“Led Zeppelin” (Used 4 times)
silb on 08/16/2017 at 04:44PM
Every famous band has their origin story, and despite how rich, fortunate and famous they may be now, it’s worth noting that none of them started out that way. In the beginning, far before their best-selling albums and sold out concerts, these cool and confident rock stars were all once brand new faces, nervously getting ready to play their instruments together live for the first time. Here is a look back at the not-so famous first gigs of five of the UK’s best-selling artists.
The Beatles - Cavern Club, Liverpool
If there was ever a band that could claim themselves successful, it would have to be the Beatles. Since their formation in 1960 the small band of Liverpudlians have grown to become one of the biggest acts in music history. With an unrivalled international following and a record breaking number of album sales, the Beatle’s were well used to performing in front of thousands of screaming and adoring fans - yet it was not always this way from the beginning. Back before the UK invaded the 1960s charts and Liverpool was mostly sooty roads and marketstalls, the Beatles were playing their first gig at Liverpool’s Cavern Club, performing in front of a small group of confused lunch-goers. The band didn’t let this lukewarm reception hinder their dreams though, as although they were only paid £5 for their first gig they would go on to sell 800 million albums worldwide by the end of their career.
Led Zeppelin - Gladsaxe Teen, Gladsaxe
Led Zeppelin may be known for starting the heavy metal crusade across their home town in London, but their band’s first gig took place in a distant town across the North Sea. The first time the avant-garde rock artists played together was at a small gig in a youth venue named Gladsaxe Teen in Denmark. As the story goes, lead guitarist Jimmy page was looking to fill the tour spaces left after the disassembly of his previous band, the Yardbirds. From his network of friends, he was able to find one vocalist, a bassist and a drummer to fill in the spaces of his band and continue to play the remaining set of gigs they had booked out. Things must have went well, as the four musicians decided to continue their collaboration as Led Zeppelin and were still playing together 49 years later.
Oasis - Boardwalk Club, Manchester
The legendary tale of the two Manchurian brothers began in 1991, when Liam Gallagher played his first Oasis gig at the Boardwalk Club in Manchester. Standing in attendance was his older brother, Noel, who was impressed by his sibling's performance and decided the band would be a great platform for him to practice his songwriting and own musical talents. With a new set of skills and focus towards making a commercial breakthrough, the band’s music really began to take off, and soon the Manchester rock group enjoy a successful career as one of the biggest rock bands in Britain. Although the two brothers’ growing differences eventually led to bands demise in 2009, it’s no doubt that the band’s legacy and their music will live forever.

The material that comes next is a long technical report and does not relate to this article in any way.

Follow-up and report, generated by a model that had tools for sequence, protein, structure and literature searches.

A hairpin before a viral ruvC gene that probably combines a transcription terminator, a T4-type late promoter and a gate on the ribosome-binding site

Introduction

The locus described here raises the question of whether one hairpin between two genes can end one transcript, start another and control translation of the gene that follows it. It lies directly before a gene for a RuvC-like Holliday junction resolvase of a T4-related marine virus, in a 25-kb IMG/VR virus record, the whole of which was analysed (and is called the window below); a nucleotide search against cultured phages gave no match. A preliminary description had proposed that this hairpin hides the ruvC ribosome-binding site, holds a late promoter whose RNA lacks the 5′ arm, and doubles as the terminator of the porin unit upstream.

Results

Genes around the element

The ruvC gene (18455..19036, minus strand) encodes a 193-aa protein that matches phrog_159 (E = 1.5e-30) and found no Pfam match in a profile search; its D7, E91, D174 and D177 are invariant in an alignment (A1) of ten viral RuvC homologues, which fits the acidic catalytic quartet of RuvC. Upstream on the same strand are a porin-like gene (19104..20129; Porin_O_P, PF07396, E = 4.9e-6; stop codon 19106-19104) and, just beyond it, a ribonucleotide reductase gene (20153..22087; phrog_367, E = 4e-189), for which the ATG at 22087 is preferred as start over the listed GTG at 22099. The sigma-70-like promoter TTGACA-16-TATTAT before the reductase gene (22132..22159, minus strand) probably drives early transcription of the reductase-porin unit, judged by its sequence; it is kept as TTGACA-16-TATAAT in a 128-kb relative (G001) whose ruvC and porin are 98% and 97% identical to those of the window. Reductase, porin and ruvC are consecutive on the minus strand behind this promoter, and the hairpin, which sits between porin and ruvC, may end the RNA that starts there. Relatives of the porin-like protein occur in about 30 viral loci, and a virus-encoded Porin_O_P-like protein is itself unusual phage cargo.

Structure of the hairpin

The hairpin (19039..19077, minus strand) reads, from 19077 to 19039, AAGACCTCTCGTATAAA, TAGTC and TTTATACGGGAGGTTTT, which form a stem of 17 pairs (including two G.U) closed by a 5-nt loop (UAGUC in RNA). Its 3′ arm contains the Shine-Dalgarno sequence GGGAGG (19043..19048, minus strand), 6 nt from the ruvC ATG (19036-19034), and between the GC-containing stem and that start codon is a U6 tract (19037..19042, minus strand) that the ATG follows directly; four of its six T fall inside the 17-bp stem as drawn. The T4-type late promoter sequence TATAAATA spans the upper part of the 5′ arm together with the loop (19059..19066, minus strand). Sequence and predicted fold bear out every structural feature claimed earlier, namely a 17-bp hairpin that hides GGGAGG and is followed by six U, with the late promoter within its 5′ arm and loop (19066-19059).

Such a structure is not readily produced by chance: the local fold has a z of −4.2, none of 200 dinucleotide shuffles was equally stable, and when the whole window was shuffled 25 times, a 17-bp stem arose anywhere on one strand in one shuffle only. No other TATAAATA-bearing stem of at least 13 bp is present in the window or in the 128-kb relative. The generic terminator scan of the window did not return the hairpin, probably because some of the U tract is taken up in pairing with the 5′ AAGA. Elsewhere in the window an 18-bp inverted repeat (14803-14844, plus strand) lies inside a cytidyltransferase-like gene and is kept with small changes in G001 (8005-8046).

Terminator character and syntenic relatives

Rollin’ Stones – Marquee Club, London
The Rollin’ Stones are another great rock brand credited with leading the “British invasion” of Rock and Roll and enjoying a significant legacy within UK rock history. However, their historic first gig was not witnessed by adoring rock fans, but more likely a bewildered group of jazz enthusiasts. The Stone’s origin story began as a second pursuit of lead singer Mick Jagger, who, when his jazz band were unable to fill their spot for a weekly Marquee jazz event, convinced the hosts to let his newly formed rock group perform instead. While it may not have been exactly what the crowd was expecting to hear the performance gave them sufficient attention to begin their musical careers, and they soon grew to become international rock stars. With 30 studio albums, 18 albums and four of the highest grossing concert tours in history, it looks like the move from jazz to rock and roll certainly seemed to pay off.
Queen – City Hall, Cornwall
In the not so far distant future Queen would be producing smash hits and selling out rock stadiums, but in 1971, the band were performing their first gig in a local community hall in Cornwall rented out by the drummer’s mother. Performing under their original name Smile, the band hosted their first performance to raise money for the Red Cross. Discussing their first gig with rock magazine Circus, singer Eddie described the performance as full of “gaffes” and “not as polished as they would have liked”, however it was their first live performance in front of a crowd and helped launch the career for one of the world’s best selling music-artists to date.